What I just explained is an oversimplification of the researchers’ article, and I may have not done the best job explaining one of the major points; still, my understanding of their article has caused me to take that pause in my own research they seemed to be aiming other researchers to take. I had easily taken for granted multiliteracies as a truth as though it exists empirically. I came precariously close to trying to add to the wide body of research that claims multiliteracies as more than theorized practice! Leander and Boldt’s piece immediately made me temper my enthusiasm and consider what my own research is attempting to accomplish moving forward. I didn’t like that. I wanted to fight it. I wanted to be angry with Leander and his protege Dr. Boldt. Believing unquestioningly that multiliteracies and their place in pedagogy exists irrevocably was much easier!

Alas! I must instead thank Dr. Leander and Dr. Boldt. The cognitive dissonance they caused me ultimately helped me shape a more reasonable understanding of what I will be trying to uncover about Jenkins’ participatory culture. Initially, I looked at participatory culture as a living, breathing thing–a tangible entity that I was to explore and see first hand. Now I will be looking at participatory culture as the theory that it is and caution myself as I analyze future data and decipher what is to be uncovered in them.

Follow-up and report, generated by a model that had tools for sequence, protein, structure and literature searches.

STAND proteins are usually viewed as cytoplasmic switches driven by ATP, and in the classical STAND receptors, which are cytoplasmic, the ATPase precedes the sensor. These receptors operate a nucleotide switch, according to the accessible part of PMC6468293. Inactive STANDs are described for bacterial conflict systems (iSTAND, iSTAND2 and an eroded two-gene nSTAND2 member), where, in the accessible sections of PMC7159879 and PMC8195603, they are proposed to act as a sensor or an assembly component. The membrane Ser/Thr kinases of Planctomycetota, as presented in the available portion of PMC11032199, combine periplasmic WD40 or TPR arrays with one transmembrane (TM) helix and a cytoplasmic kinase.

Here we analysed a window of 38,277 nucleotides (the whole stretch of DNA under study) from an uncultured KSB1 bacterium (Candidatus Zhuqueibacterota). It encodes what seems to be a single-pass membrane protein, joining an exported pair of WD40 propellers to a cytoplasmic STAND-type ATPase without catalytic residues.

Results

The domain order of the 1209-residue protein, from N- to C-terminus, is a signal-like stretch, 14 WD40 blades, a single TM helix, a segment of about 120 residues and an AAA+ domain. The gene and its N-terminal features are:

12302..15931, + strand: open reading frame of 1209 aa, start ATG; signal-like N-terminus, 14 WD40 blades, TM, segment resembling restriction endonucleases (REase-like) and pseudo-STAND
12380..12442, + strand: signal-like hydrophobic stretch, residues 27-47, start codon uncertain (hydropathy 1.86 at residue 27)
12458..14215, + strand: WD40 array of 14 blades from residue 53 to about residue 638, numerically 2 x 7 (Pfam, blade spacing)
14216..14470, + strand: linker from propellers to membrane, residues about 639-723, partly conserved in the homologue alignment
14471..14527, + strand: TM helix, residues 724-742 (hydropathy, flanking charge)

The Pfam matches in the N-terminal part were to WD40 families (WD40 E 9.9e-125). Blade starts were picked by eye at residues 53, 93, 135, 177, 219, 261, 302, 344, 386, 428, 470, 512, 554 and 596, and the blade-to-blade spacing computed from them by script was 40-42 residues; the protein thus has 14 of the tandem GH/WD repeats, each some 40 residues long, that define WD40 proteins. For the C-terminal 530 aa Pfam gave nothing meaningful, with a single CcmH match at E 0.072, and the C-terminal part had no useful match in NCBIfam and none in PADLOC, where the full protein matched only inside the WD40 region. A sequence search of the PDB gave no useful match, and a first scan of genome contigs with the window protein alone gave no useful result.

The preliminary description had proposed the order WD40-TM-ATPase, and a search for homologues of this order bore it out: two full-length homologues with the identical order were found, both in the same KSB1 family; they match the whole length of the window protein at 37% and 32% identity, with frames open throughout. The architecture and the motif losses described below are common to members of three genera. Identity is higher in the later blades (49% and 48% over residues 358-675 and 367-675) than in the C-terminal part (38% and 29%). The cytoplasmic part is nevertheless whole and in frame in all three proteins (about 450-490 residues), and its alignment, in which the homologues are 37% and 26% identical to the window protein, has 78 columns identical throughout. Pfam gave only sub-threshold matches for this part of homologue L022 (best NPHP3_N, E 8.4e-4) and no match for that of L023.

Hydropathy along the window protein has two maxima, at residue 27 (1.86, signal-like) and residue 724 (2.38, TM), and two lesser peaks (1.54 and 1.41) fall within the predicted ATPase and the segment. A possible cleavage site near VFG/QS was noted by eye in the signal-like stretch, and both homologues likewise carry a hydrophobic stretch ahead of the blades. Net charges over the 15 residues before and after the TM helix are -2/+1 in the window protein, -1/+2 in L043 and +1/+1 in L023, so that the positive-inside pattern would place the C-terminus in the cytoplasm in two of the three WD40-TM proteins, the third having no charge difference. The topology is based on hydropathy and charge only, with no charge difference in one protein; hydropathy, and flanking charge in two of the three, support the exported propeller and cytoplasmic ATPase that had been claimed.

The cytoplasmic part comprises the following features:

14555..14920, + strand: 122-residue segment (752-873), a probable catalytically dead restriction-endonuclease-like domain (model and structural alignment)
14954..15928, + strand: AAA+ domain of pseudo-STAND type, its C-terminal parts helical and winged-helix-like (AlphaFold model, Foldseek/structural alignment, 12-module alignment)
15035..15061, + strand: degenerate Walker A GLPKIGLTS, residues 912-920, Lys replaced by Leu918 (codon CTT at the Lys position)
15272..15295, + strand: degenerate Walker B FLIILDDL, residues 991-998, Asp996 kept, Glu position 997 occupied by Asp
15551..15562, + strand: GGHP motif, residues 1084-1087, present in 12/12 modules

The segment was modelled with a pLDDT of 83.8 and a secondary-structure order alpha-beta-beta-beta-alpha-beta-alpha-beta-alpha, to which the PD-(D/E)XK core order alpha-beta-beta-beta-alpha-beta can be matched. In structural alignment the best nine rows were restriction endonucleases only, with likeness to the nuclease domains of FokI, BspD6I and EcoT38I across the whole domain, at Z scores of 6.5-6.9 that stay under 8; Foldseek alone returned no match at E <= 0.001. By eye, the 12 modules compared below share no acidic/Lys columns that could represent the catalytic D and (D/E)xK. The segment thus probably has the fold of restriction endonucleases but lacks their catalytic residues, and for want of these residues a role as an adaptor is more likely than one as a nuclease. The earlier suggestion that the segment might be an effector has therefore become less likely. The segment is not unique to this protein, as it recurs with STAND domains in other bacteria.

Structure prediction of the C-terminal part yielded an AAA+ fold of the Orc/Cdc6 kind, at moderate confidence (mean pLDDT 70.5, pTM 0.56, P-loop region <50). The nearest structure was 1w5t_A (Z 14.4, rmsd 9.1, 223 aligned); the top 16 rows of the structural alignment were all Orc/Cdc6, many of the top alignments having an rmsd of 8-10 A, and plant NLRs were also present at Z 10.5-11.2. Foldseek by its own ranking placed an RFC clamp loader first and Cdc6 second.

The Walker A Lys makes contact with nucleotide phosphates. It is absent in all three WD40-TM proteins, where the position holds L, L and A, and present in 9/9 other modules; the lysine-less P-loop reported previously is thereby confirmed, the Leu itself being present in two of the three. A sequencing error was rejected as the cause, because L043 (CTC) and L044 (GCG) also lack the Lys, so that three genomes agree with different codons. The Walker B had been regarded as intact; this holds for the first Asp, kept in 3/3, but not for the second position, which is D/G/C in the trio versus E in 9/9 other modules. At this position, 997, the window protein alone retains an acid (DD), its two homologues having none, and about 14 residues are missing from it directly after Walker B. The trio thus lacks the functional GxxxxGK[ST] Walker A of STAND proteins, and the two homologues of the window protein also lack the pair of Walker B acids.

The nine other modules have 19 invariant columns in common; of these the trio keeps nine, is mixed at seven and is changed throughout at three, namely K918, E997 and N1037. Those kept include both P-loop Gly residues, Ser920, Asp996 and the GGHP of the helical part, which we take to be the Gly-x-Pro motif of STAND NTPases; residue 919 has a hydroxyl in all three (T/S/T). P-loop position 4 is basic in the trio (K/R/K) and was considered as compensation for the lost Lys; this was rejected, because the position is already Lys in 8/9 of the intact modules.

So while Dr. Leander has certainly complicated my novice scholarly life, he has also enlightened and refocused it, reminding me that I must investigate the world as I ask my own students to do.

Assume nothing. Question Everything.


Cazden, C., Cope, B., Fairclough, N., Gee, J., et al. (1996). A pedagogy of multiliteracies: Designing social futures. Harvard Educational Review, 66(1), 60-92.

Jenkins, H., Purushotma, R., Weigel, M., Clinton, K., & Robison, A. J. (2009). Confronting the challenges of participatory culture: Media education for the 21st century. Cambridge, MA: The MIT Press.

Leander, K. & Boldt, G. (2012). Rereading “A Pedagogy of Multiliteracies”: Bodies, texts, and emergence. Journal of Literacy Research, 45(1), 22-46.


Leave a Reply

Fill in your details below or click an icon to log in:

WordPress.com Logo

You are commenting using your WordPress.com account. Log Out /  Change )

Google photo

You are commenting using your Google account. Log Out /  Change )

Twitter picture

You are commenting using your Twitter account. Log Out /  Change )

Facebook photo

You are commenting using your Facebook account. Log Out /  Change )

Connecting to %s

This site uses Akismet to reduce spam. Learn how your comment data is processed.